Drug Targets 'Achilles' Heel' of Some Lung Cancers
Article date: October 27, 2010
By Karen Patterson
Taking aim at a genetic trait found in some tumors, new research has hit its target, with a promising drug emerging to treat a subset of patients with advanced lung cancer.
The drug, called crizotinib (PF-02341066), inhibits the effects of chemical rearrangement of a gene called ALK. While only a small percentage of non-small cell lung cancers have ALK gene rearrangements, early testing has found that about 90% of patients with these gene changes benefited from the medicine, with their tumors either shrinking or remaining stable.
Uncommon mutation, but still large numbers of patients
“Crizotinib finds the Achilles' heel of these types of lung cancers,” says study lead author Eunice Kwak, M.D., Ph.D., a medical oncologist at Massachusetts General Hospital. The study was published today in The New England Journal of Medicine. Its findings also were reported earlier this year at a meeting of the American Society of Clinical Oncology.
“Unfortunately, crizotinib will not cure advanced cancers with ALK abnormalities, and it is not yet known how long most patients can expect to remain on crizotinib with their disease controlled,” Kwak adds. Most patients in the study are continuing to receive therapy, and some have been on the drug as long as 2 years.
Only an estimated 2% to 7% of non-small cell lung cancers have ALK aberrations. But that still adds up to nearly 10,000 U.S. patients who could be helped annually by crizotinib, an editorial accompanying the study estimates. Also, other people with ALK-positive cancers—including subsets of patients with non-Hodgkin lymphomas, inflammatory myofibroblastic tumors and neuroblastomas—might someday benefit from the medicine.
Crizotinib is not yet FDA-approved and is currently only available through clinical trials.
Tumors shrank in 57% of patients
Based on previous lab-dish testing with hundreds of cancer cell lines, researchers knew that inhibiting ALK, which stands for anaplastic lymphoma kinase, could quell the growth of cells with a rearranged ALK gene. The first part of the new study focused on the safety and optimal dose of crizotinib in cancer patients with various tumors. There, the researchers noted the drug’s dramatic activity in 2 patients whose lung cancers had ALK rearrangements.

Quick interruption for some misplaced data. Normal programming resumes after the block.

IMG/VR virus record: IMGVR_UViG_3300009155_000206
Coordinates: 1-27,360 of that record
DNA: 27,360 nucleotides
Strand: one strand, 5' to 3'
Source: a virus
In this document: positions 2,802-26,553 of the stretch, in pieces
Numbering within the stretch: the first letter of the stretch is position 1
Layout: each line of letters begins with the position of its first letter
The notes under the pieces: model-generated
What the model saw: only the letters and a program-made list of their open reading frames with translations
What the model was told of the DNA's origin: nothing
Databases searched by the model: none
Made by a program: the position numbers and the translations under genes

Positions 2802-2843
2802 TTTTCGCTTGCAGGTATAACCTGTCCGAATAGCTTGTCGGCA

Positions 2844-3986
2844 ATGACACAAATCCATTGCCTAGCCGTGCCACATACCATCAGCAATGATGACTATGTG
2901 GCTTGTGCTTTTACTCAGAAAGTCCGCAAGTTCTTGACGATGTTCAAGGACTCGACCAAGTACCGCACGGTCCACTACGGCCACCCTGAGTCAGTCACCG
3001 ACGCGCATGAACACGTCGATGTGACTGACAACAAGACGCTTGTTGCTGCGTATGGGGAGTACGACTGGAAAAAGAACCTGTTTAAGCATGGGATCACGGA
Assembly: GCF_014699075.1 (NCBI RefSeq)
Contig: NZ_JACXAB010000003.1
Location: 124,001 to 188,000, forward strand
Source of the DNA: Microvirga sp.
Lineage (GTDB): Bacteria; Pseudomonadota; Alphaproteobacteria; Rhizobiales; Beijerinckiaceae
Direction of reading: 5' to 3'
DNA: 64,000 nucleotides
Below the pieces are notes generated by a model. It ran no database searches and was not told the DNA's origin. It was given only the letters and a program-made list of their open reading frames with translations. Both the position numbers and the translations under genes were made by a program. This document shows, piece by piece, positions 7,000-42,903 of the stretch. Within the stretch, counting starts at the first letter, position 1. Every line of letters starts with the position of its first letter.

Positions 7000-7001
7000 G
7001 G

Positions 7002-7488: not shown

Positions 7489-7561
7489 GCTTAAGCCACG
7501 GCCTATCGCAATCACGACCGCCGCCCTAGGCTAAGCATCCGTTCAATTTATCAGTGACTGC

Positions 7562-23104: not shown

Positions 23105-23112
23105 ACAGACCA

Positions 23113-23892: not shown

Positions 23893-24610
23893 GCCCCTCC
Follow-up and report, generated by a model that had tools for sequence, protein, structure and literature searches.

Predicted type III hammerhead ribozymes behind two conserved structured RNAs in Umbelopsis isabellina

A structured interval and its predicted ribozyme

Next the researchers checked tumor samples from some 1,500 patients with non-small cell lung cancer and found that about 5%, or 82 people, had ALK-positive cancers. Those patients—who generally were younger than other lung cancer patients, had minimal or no smoking history, and had tumors of a type known as adenocarcinomas—were enrolled in the second part of the study, to see whether the drug could specifically attack their advanced cancers.
Tumors shrank significantly in 57% of the people in the study group, including one patient whose cancer could no longer be detected, even though almost all of these patients had had previous treatments. “Tumor shrinkage can occur even after the lung cancers have already progressed through multiple lines of prior therapy,” Kwak says.
The 57% response rate compares favorably to that of second-line chemotherapy, which usually helps only about 10% of such patients, the researchers note. Also in the study, tumor growth was halted in an additional 33% of participants.
Lung cancer symptoms minimized